The diagnosis of umbilical scar endometriosis is relatively easy. The suspicion is based initially on the medical history and physical examination. The complementary propaedeutics aims to offer subsidies for the best therapeutic option, and it is important to remember that in the case of umbilical scar endometriosis, the clinic is sovereign1,2,6,11. All of our patients had a typical history and physical examination, and did not require complementary tests for diagnosis. Despite this, for some patients it took up to three years for the correct diagnosis after the onset of symptoms. The definitive diagnosis, however, is made only by the histological study of the nodule after its exeresis1,2,6. In the cutaneous lesions, one can observe irregular, circular, elongated or angular glandular spaces in the reticular dermis or hypodermis, surrounded by highly vascular and cellular stroma similar to that of the functioning endometrium. The histological aspect corresponds to the uterine endometrium in the proliferative and secretory phases6.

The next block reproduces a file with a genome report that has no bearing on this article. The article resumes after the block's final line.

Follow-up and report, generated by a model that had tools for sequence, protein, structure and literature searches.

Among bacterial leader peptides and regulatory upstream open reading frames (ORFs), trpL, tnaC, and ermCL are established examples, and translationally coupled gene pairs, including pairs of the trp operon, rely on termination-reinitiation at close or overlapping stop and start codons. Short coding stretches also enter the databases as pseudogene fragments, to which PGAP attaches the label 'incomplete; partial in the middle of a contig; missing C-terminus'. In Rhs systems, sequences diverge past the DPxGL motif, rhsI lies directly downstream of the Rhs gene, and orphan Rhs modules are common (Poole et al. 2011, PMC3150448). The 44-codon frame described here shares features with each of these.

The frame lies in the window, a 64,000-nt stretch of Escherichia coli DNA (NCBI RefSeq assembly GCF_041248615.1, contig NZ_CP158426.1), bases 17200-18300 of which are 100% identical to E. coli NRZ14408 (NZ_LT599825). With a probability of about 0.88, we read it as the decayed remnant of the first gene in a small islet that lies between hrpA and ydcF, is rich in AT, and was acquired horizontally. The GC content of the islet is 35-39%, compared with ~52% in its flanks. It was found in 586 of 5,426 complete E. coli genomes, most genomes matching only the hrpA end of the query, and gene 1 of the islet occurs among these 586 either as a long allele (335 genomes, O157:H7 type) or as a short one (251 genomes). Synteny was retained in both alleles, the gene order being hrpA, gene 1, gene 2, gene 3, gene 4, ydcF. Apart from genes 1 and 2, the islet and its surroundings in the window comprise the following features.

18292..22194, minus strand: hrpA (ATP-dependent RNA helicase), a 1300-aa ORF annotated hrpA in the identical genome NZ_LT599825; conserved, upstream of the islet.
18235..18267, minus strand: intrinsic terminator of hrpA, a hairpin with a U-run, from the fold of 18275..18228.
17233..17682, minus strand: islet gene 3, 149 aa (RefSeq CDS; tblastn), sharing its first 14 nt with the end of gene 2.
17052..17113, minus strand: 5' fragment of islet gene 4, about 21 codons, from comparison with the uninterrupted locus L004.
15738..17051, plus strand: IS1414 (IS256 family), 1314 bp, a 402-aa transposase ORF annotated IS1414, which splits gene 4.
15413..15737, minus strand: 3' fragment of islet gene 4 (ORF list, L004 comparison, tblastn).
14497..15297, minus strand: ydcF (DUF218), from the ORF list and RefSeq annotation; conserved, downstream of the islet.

Regarding treatment, we used the algorithm adopted in our Service for the management of patients with umbilical endometriosis (Figure 4). Simple surgical excision is the choice, and should be broad to ensure complete cure. Previous hormonal treatment may be an option for larger tumors, and may reduce their size before surgery12. This was not necessary in our cases. We indicated surgical treatment for all patients, since the lesions were candidates for total resection. Omphalectomy was necessary in all cases. We do not deem it necessary to routinely perform laparoscopy to investigate abdominal foci as proposed by some authors. In our view, in addition to higher hospital costs, such a routine can also bring greater risks inherent to the method. We reserve intraoperative laparoscopy for cases with great suspicion of pelvic endometriosis based on the clinical history or in those with an already performed imaging diagnosis. As our patients did not present preoperative complaints of intestinal cramps, diarrhea, infertility or atypical pelvic pain, we did not indicate laparoscopy. We performed resection of the lesion with sedation and local anesthesia. Local anesthesia has benefits in the prevention of postoperative pain, lower incidence of nausea, vomiting and urinary retention. Another important aspect to be evaluated is hospital costs. When we consider only the material and drugs used in anesthetic procedures, the use of local anesthesia with intravenous sedation has obvious advantages13. In our routine patients were discharged on the same day. The surgical technique used is always the same, respecting the safety margins. In some cases, especially in those where nodulation distorts the umbilical architecture, omphalectomy is necessary16, a fact observed in all our patients, who required umbilical reconstruction after the surgical procedure for better aesthetic appearance.